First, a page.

Public holiday arrangements may seem the last thing the ruling Chinese Communist Party needs to worry about. Not true.
An ongoing nationwide views-gathering exercise launched by a CPC national committee on statutory public holidays has sparked a heated debate. Views were divided on current arrangements, particularly in the case of the extended “golden week” holidays.
Surveys conducted by online websites showed one thing in common, however. Most people are not happy with the present arrangement. As of Sunday, a poll conducted by Phoenix TV’s website found 63.4 percent of the respondents were not satisfied with it, while surveys run by two other websites showed similar findings: Sohu, 75.8 percent, and Sina, 82 percent.
Under the arrangement decreed by the State Council in 2007, there are a total of 11 statutory holidays each year. These include three designated for Spring Festival and another three for National Day. But following the government’s decision to tie three-day breaks with the weekends, the holiday calendar is now marked by two “golden week” seven-day breaks, namely National Day and Spring Festival, and five three-day breaks, including Mid-Autumn Festival and Dragon Boat Festival.
However well-intentioned it sounds, the tinkering of public holidays by state fiat has increasingly become a source of controversy. This year’s National Day was marred by chaos in some popular tourist attractions. In Sichuan, armed police were mobilized to maintain order in the scenic national park Jiuzaigou when sightseers stranded in the area clashed with park staff.
An economist, Wang Dingding, wrote on his blog on Oct. 6 the week-long National Day break has caused economic losses totaling 200 billion yuan (US$32.64 billion). According to his estimates, there are a total of 10 working days lost as a result of the two annual week-long holiday breaks. He attributed the additional two days of loss to low work efficiency and the need for the holiday-goers to reset their frame of mind back to work mode. Wang has proposed a further cut in the three-day break and a more flexible holiday arrangement.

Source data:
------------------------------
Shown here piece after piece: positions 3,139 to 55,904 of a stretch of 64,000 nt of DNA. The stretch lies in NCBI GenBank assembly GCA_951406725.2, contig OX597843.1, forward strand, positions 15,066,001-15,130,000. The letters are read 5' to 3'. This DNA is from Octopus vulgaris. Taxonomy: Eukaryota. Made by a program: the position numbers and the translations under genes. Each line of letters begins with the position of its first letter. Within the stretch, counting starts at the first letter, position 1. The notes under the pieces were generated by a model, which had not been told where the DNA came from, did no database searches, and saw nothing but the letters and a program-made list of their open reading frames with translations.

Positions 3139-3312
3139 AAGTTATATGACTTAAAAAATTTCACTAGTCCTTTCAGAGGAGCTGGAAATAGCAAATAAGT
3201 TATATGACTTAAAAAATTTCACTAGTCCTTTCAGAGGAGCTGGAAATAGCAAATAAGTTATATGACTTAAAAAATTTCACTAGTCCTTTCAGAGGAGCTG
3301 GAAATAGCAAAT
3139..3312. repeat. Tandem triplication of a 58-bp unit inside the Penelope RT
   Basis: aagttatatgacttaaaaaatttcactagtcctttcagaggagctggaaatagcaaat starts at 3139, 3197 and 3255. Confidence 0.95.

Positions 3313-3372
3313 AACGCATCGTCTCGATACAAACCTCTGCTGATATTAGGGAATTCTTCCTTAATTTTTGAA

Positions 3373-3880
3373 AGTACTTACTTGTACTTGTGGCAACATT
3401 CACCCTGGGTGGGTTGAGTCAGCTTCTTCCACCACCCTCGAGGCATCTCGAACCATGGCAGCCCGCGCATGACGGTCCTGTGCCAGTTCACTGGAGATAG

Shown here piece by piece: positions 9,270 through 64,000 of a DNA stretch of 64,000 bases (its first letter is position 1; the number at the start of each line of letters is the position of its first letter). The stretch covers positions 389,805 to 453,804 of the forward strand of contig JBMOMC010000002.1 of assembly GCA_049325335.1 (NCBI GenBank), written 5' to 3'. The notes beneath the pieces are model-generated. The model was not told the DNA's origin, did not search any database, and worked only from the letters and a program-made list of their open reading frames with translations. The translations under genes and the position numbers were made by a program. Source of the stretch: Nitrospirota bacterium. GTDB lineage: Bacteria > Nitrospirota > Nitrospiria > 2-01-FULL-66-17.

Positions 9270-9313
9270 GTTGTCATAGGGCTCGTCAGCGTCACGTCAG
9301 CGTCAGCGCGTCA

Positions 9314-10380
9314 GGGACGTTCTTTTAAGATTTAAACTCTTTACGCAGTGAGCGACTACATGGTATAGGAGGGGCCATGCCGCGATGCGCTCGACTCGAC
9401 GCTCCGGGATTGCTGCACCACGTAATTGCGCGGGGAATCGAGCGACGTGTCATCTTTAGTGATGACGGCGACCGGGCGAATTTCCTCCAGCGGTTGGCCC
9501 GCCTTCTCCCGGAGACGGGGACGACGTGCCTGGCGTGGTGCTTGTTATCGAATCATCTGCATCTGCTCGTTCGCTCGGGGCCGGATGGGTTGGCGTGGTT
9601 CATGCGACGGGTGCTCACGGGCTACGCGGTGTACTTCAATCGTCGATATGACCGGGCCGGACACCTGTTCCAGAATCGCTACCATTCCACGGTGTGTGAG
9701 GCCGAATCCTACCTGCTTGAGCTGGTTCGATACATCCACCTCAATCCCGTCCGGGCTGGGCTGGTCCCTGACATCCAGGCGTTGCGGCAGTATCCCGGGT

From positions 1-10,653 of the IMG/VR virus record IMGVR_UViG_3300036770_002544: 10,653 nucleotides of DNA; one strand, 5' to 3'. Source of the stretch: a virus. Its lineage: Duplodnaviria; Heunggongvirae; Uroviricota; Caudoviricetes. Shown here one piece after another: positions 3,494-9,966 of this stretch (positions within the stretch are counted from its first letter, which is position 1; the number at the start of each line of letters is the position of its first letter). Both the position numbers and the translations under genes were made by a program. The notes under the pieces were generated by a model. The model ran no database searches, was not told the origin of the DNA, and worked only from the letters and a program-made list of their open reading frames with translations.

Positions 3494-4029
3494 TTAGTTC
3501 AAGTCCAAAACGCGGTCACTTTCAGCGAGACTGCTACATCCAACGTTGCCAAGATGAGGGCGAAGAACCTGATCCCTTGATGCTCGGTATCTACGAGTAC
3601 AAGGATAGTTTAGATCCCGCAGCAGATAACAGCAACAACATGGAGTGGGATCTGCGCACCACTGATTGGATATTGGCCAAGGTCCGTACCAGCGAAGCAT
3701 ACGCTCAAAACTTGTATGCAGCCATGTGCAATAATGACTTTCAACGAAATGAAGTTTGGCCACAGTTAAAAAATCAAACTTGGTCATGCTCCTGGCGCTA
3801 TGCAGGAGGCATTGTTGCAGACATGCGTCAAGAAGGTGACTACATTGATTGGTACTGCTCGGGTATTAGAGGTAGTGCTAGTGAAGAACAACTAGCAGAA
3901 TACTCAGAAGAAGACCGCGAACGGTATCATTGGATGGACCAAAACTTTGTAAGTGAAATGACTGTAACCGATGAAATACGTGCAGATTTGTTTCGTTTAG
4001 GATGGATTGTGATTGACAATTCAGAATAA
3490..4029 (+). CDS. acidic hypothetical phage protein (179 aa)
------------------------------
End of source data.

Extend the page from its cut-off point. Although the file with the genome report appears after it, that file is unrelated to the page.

A tourism academic at the Chinese Academy of Social Sciences, Liu Simin, disagreed. In a report carried by a state-owned news agency, Liu said holidays were vital in shifting the country’s economic model from investment and exports to domestic consumption. A financial commentator said one “golden week” holiday contributes as much as 10 percent to the country’s total tourism revenue each year.
Liu said the merits of long holidays could not be measured in terms of economic benefits alone. There’s the benefit to one’s health that holidays bring, for example, as the long break provides the worker’s body time to rest and relax.
The debate is likely to be inconclusive. This is not so much because the central government lacks the will and a sense of urgency to bring some sense to the holiday arrangements. At the heart of the debate lies the strategic need to boost consumption for economic restructuring and, more importantly, to ease government control over issues such as holiday arrangements and give more freedom to the people and the market.
Is the Communist Party ready to do that?
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